The social housing I’ve seen has private gardens and doesn’t back on to any of the shared gardens. I can understand that: social landlords discourage architects from putting in a lot of communal space, because it’s difficult to manage. But as you move across the development from private to social housing, from the provision of public space that is quite generous, it suddenly becomes mean-spirited.

What lessons from Accordia could be applied to schemes elsewhere in the UK?

Like any well-designed scheme, Accordia is a response to its environment. The semi-private space, though it’s not perfect, does largely work in this kind of setting. It would be much harder to make it work in a harsh urban environment because the security issues would be that much greater.

Overall, I think a scheme of this quality would work only in higher-end-value areas. As a developer, you’d be crazy to apply this level of quality across the board. So they are going to do it where they see they are going to be able to reap the benefit of added value.

What should be learned, however, is that contemporary architecture – modern, simple architecture – can work extremely well, and is a much better design response than pastiche. At the very least, it’s provocative. And that’s what the business is all about.

The other finalists

Five schemes competed against Accordia for the 2008 Riba Stirling Prize. They were:

Bijlmer Station, Amsterdam

Architects: Grimshaw/Arcadis.

Client: Prorail/City of Amsterdam.

This transport project uses gaps between tracks to make “lofty and enjoyable” public spaces, according to judges, who described the scheme’s size as “heroic”.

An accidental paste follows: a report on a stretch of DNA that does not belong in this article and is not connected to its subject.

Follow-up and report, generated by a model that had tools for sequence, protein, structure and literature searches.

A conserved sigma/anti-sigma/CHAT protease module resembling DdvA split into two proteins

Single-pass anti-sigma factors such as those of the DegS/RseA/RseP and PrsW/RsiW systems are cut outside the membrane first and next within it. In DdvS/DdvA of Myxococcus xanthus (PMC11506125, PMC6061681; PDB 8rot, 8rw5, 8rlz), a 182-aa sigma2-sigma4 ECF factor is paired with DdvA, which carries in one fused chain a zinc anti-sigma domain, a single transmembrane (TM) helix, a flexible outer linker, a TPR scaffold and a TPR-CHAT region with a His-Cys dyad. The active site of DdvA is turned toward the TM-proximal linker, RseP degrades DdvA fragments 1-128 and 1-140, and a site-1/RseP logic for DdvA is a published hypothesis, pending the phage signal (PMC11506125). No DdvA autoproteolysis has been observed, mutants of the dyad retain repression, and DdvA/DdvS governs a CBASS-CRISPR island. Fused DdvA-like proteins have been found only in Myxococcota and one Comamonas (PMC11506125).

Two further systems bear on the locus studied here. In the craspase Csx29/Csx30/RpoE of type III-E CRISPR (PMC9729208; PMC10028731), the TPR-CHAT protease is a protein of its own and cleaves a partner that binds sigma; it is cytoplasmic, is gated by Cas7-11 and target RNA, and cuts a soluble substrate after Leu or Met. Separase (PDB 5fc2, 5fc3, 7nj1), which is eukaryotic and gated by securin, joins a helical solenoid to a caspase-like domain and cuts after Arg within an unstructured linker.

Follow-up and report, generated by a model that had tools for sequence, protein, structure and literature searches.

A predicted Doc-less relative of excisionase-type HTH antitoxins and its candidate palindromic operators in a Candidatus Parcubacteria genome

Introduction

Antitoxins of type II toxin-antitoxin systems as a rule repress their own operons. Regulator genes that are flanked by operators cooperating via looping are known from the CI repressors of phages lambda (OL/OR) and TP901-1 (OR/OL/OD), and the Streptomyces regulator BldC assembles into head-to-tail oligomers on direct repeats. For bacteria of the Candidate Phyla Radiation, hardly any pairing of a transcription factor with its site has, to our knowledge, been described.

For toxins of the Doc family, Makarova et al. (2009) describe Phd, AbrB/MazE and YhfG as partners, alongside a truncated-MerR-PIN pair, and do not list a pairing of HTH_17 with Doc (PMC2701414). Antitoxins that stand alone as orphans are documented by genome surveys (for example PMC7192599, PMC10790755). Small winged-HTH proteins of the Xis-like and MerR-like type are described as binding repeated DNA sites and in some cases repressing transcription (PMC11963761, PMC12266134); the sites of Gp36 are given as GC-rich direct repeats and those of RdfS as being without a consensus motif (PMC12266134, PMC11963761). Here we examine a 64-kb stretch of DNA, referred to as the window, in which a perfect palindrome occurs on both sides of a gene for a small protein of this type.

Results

Manchester Civil Justice Centre

Architects: Denton Corker Marshall.

Client: Allied London.

The largest court building to be built in the UK since the Royal Courts of Justice in central London, the centre “has made a significant contribution to the regeneration of this part of Manchester”, Stirling judges said.

Nordpark Cable Railway, between Innsbruck and Hungerburg, Austria

Architects: Zaha Hadid with Patrik Schumacher.

Client: Nordpark.

A new railway line designed to help tourists access high slopes and connect villagers to the city. Judges described the curved glass canopies as “sensuous” and “an achievement of great virtuosity”.

Royal Festival Hall, London

Architects: Allies and Morrison.

Client: Royal Festival Hall, Southbank Centre.

The restoration added a new office building to free up space in the original hall, a move judges called “the masterstroke at the root of the transformation”.

Westminster Academy at the Naim Dangoor Centre, London

Architects: Allford Hall Monaghan Morris.

Client: Westminster Academy/Westminster City Council.

School praised for long aluminium panels in deepening shades of green, producing a building “of very singular identity that suggests a commercial rather than institutional user”.